All three were as disastrous as Basil Fawlty's attempt at running a hotel. The first, starring Harvey Korman and Betty White, never went beyond a pilot.
The gender-swapped Amanda's, which had Bea Arthur playing the hotel manager, faired only slightly better by making it to ten episodes before it was forced to check out.
The third attempt was almost the charm when Night Court's John Larroquette tried his hand at the premise in 1999 with Payne, reportedly with John Cleese's blessing. Critical reception was decent-- ratings, not so much. Payne was put out of its misery after eight episodes.
5 Better: Three's Company - Remake of Man About the House
The 1973-1976 UK sitcom Man About The House was considered controversial at the time for portraying a man sharing an apartment with two women. It's rather surprising that a series that was already boundary-pushing in the typically less-prudish England was remade in America with its premise intact just a couple of years later.
As with some of the other shows on this list, Man About the House was already great, but Three's Company was simply better. A great deal of the credit for that goes to the effortlessly charming John Ritter, who was a master of comedic timing and was one of the all-time great pratfallers. Plus, Paula Wilcox is no Suzanne Summers, and Man About the House suffered from a noticeable lack of Don Knotts.
4 Terrible: Men Behaving Badly
Mid-90s British sitcom Men Behaving Badly was of the Judd Apatow style of comedy, featuring oafish man-children who manage to be both embarrassing and lovable in equal measure. The show successful enough to last for six seasons and have a finale that was viewed by 14 million viewers (which is a lot for England).
What makes such comedy work is its performers-- it's not easy playing convincing lovable losers. The American remake didn't have the talent of its predecessor, with Rob Schneider, unremarkable "that guy" Ron Eldard, and Family Ties vet Justine Bateman failing to rise to the challenge. In their defense, the weak material only gave them so much to work with.
Swapping Eldard with Ken Marino (The State, Party Down) for season two was a step in the right direction, but the damage had already been done and the show was soon canceled.
3 Better: Sanford and Son - Remake of Steptoe and Son
American viewers may have never heard of the oddly-named Steptoe and Son, but Brits of a certain age remember it as fondly as they remember its remake, Sanford and Son. Both shows are about father/son junk dealers-- called "rag-and-bone" men in England-- and the hilarious inter-generational conflicts that the pairs have to deal with.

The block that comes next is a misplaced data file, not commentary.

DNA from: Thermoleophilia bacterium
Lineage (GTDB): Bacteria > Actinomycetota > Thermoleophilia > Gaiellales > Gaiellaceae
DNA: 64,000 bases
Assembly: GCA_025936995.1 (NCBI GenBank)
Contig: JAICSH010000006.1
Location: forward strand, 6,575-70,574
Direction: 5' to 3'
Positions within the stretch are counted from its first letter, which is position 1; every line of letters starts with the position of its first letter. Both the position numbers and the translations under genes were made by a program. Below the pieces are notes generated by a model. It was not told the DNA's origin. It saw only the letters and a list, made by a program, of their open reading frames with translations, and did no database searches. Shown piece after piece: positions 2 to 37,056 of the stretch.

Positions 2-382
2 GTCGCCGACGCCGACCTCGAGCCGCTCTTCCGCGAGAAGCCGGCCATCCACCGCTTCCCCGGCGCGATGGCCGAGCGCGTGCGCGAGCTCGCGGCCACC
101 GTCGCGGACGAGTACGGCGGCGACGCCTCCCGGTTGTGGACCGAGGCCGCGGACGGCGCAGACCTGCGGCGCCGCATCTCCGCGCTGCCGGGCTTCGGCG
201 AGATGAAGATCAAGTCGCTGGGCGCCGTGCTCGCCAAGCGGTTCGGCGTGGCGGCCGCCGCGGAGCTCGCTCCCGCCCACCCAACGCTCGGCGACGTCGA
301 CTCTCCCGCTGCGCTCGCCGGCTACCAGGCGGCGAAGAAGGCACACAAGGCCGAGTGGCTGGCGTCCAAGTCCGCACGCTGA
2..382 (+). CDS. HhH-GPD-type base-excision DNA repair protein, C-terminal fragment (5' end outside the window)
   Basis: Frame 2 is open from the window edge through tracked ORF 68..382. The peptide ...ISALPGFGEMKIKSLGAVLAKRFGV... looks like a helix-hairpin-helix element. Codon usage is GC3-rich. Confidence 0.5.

The thing that makes Sanford and Son superior is its legacy-- it is generally considered one of the main pioneers of modern black sitcoms. Beyond that, it was just a slightly better-polished show, and there was no topping the genius of comedian Redd Foxx and his iconic fake heart attacks and hilarious cries of "It's the big one...I'm comin', Elizabeth!"-- which, unfortunately, are now cast in a darker light as Foxx suffered a fatal heart attack during filming his 1991 sitcom The Royal Family.
2 Terrible: Cold Feet
The thing that makes or breaks an ensemble sitcom is the talent and, more importantly, chemistry of its cast. To that end, late-90s British sitcom Cold Feet didn't have an especially groundbreaking premise but succeeded because the actors worked so perfectly together. It's a tough thing to get right, and oftentimes it requires sheer luck to find.
Luck was not on the side of Cold Feet's American remake. Well, not good luck, anyway. The new cast was comprised of people who not only weren't particularly noteworthy, but lacked any sort of chemistry as an ensemble. Critics did not warm up to the series, with one reporter saying that the pilot episode caused her to have "mental hypothermia." Cold Feet U.S. ended up setting an all-time record low for its time slot, and was iced after just four aired episodes.
1 Terrible: Coupling
In addition to basing it on his relationship with wife, writer/producer Steven Moffat also saw Coupling as being the British answer to Friends (and critics also compared it to Seinfeld and other group ensemble sitcoms). The U.S. had Friends, the UK had Coupling, everyone wins. Right?
Apparently not. NBC wasn't content just having Friends and greedily commissioned an American version of Coupling-- and while Friends was still on the air, no less. It might not have been the worst thing to have another sitcom similar to Friends to take over when that show ended two years after Coupling U.S. debuted, but Coupling had neither the quality or the ratings to make it that long.
The only thing worse than a completely unnecessary show is a completely unnecessary and unremarkable show. Of the ten filmed episodes, only the first four ever aired.
What's your favorite American remake of a British show? Let us know in the comments!